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France’s Unique Opportunity
European Straits #21
After ten days on the US West Coast and a few more back home in London, I just had a full day of discussions and meetings in Paris, where the excitement is clearly palpable. President Emmanuel Macron now has a firm grip on the French government. His new party, “République En Marche”, is poised to win a large parliamentary majority in next Sunday’s general election. And while Donald Trump is turning the US into a (very bad) global joke, Britain is slowly sinking into Brexit chaos. This, I think, is a major opportunity for France to emerge as a key global tech hub, provided it tackles three challenges.
The first concerns the regulatory environment. Too many French startups have been thwarted in the past because of toxic regulatory frameworks. Some startups can’t grow because they don’t fit in the box of existing rules. In other cases, the rules are changed under the pressure of incumbents who want to avoid competition from entrepreneurs. This situation explains why France hasn’t yet been able to grow successful tech companies in highly regulated industries such as health care, finance, agriculture or energy—precisely those that present the most opportunities waiting to be seized in the Entrepreneurial Age.
I’m certain that the Macron administration will side with entrepreneurs more often in the future and help them as much as possible when they face regulatory obstacles. But kind words and benevolent meetings with ministers won’t be enough for entrepreneurs to succeed. Indeed what we need is a radically new approach to designing and implementing rules in the Entrepreneurial Age. You can read the piece I wrote last year on that topic: Regulating the Trial-and-Error Economy.
The second challenge is related to financing entrepreneurship, which requires a radical overhaul of the French financial system. It is not the first time France has been confronted with this challenge. Back in 1985, the unification of European financial markets required breaking with a legacy system dominated by bank credit and embracing a new system in which businesses would raise more capital on equity and bond markets. It took the raw determination of a few elected officials and civil servants, including then-finance minister Pierre Bérégovoy and his chief of staff Jean-Charles Naouri (now the CEO of Casino), to undertake this ambitious reform—all based on a blueprint known as the “Naouri Report”.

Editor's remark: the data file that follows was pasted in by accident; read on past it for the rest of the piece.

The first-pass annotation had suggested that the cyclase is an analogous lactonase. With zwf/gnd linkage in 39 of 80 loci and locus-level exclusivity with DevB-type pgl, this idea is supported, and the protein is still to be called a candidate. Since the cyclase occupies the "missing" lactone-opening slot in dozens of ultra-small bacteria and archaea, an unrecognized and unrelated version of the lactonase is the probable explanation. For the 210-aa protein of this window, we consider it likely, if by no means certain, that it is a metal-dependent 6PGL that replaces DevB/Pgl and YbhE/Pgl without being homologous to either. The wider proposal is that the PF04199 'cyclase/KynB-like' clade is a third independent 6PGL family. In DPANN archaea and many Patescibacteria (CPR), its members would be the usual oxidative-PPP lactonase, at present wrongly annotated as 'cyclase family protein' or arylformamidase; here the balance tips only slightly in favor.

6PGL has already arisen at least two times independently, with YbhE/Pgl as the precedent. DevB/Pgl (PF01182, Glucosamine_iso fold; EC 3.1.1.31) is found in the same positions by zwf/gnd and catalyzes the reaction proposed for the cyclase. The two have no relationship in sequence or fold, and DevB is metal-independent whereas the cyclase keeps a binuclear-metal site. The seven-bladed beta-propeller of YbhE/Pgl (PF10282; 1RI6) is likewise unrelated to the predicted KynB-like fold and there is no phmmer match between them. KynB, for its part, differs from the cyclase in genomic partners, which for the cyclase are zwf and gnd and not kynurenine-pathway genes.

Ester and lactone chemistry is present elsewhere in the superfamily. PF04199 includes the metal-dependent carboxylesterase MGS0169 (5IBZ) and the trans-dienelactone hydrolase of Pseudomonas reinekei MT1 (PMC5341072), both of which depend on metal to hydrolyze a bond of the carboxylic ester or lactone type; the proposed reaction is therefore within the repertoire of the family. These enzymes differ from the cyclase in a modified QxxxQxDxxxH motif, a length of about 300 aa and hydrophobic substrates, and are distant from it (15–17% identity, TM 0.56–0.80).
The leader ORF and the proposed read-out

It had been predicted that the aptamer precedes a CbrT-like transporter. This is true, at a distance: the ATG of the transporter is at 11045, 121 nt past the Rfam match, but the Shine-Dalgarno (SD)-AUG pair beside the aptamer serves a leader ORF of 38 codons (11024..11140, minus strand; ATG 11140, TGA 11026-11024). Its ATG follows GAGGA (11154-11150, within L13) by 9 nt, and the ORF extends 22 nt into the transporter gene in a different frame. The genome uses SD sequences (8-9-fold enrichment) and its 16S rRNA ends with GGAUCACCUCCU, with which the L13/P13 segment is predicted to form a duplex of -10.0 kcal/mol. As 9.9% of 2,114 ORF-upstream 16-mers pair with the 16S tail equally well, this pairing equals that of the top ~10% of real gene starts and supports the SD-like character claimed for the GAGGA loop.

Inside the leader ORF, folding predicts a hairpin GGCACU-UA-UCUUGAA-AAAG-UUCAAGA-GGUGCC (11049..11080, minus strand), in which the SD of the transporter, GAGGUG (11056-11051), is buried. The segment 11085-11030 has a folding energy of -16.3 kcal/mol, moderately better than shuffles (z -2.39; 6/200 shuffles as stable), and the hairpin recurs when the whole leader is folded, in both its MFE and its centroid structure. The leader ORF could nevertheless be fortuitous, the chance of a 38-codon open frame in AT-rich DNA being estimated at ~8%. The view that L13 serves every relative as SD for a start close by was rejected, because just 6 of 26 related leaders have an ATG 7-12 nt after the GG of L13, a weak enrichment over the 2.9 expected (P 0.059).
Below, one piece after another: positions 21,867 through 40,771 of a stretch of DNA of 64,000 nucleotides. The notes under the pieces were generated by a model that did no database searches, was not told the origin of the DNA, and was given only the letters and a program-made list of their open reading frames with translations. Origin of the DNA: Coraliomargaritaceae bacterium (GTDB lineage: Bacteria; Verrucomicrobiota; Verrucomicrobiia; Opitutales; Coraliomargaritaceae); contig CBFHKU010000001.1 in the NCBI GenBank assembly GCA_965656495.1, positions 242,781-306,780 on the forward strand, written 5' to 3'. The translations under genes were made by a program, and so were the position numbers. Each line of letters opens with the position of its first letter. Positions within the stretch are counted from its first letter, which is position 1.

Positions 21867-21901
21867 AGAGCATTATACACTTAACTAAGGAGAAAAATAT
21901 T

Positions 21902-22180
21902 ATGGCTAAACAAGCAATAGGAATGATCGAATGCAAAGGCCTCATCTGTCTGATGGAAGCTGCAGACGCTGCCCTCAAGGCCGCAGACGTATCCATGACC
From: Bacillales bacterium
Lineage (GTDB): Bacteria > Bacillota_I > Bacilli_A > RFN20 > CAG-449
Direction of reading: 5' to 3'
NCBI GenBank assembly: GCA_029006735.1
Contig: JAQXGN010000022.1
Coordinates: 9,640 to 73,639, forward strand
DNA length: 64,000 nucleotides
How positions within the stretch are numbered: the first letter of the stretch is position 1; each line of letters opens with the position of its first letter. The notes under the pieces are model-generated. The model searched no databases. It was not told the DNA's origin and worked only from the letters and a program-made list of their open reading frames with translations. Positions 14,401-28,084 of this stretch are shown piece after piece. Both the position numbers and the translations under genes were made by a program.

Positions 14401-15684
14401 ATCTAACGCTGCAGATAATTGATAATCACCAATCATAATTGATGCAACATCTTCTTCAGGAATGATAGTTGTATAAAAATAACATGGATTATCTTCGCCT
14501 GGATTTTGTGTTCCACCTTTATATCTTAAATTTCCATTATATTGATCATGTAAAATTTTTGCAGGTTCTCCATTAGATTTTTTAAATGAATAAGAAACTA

Now is the time for yet another overhaul, one which would see our financial system migrate from bank credit and public markets to a system more influenced by private equity, in its various forms—notably venture capital. This kind of financing is the best designed to serve the needs of innovative companies in an economy driven by technology and increasing returns at scale. But it can only flourish if we impose many changes on the financial system, from banking regulations to tax law to corporate law.
France had the opportunity to take the initiative back in 2010-2011. But at that time it was ultimately David Cameron’s government that did what it took to attract large venture capital firms in London and radically improve the financing of UK-based tech startups.
The reason why France has another chance is that Theresa May, Cameron’s successor, has unexpectedly turned her back on financiers and entrepreneurs and is prepared to discredit London as a rising tech hub by closing the borders and embracing a backward-looking approach in regulating the Internet. In this context, I’m convinced the Macron administration should undertake another “Naouri Report” to once again overhaul the French financial system, better serve the needs of today’s businesses, and establish Paris as the European capital of private equity and venture capital in the Entrepreneurial Age. If you’re interested in the topic, you can also read a paper I wrote on the subject: A Brief History of the World (of Venture Capital).
As for the third challenge, designing a new social compact for the Entrepreneurial Age, it’s the subject of my coming book ‘HEDGE’ and has already been covered in many past issues of this newsletter! Obviously, I’ll share more related ideas in the coming weeks and months. In the meantime, let me recommend this inspiring article by Tim O’Reilly: Do More! What Amazon Teaches Us About AI and the “Jobless Future”.